Supported Iridium-Ruthenium Mixed Oxide Catalysts for Oxygen Evolution: Synthesis of Mixed Oxides by the Microwave Polyol Method. Composition Dependency of the Catalytic Activities of Mixed Oxides for the OER in PEM Water Electrolysis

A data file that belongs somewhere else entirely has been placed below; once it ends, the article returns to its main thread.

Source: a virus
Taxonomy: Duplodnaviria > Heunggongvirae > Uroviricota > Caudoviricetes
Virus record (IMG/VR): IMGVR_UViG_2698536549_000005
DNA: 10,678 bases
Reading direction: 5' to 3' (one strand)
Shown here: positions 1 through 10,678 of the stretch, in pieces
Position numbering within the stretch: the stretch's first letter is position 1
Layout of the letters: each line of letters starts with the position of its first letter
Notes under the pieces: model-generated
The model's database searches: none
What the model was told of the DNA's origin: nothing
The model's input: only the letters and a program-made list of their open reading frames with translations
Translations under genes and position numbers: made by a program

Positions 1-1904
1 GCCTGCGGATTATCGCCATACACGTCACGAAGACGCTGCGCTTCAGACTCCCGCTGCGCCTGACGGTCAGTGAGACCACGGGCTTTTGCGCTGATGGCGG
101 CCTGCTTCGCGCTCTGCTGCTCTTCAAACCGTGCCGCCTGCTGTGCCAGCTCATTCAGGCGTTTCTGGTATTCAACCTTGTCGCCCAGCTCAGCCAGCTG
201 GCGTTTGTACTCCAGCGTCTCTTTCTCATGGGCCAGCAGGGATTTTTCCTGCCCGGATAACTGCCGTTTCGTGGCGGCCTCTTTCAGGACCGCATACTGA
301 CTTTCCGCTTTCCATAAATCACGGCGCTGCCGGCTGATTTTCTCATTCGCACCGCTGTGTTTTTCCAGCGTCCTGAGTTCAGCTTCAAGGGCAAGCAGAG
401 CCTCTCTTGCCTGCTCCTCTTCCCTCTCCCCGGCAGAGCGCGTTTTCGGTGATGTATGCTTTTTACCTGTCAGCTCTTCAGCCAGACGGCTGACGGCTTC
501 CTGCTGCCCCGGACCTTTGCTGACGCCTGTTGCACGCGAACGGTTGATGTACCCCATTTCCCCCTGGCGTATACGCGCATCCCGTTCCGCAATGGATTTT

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In this work the microwave polyol synthesis method have been shown as an advantageous method for producing ATO supported IrO2, RuO2 and iridium-ruthenium mixed oxides, allowing for faster synthesis than the normal polyol method. Another advantage is high flexibility, allowing for synthesis of several batches of different compositions in parallel, while giving great control over each batch. For this work alone, several days of experimental work was saved, as the microwave synthesis method is several times faster than the normal polyol method.Catalysts of iridium oxide, ruthenium oxide and three compositions of mixed oxides were synthesized by the microwave polyol method in this work. The composition and catalyst loading were found by EDS analysis. Catalyst loading was found to be at target values for all synthesis experiments in this study. The ruthenium contents of the mixed oxides were not up to target values. This may be due to experimental error; the synthesis observations indicate the method should yield full or near full reduction and deposition of the catalyst. The synthesized mixed oxides are dubbed atomically mixed oxides, as iridium and ruthenium atoms should be mixed at an atomic level. In addition to these, physically mixed oxides were produced by mixing pure iridium and ruthenium oxides to imitate the concentrations of the atomically mixed catalysts.The catalysts were analyzed by voltammetry to examine the catalytic properties. The addition of even small amounts of ruthenium to mixed oxides was found to give a significant increase in catalytic activity. Catalysts containing particles of pure ruthenium oxide were found to have a loss of catalytic activity at electrode potentials above 1.45 V, due to further oxidation and dissolution of ruthenium. With regards to mixed oxide composition, the results follow closely to the relationship expected by assuming that the total current is a linear superposition of the partial currents of the components, supporting the hypothesis that interaction effects between ruthenium and iridium atoms are weak. Iridium oxide was found to have a stabilizing effect on ruthenium oxide when the two are atomically mixed.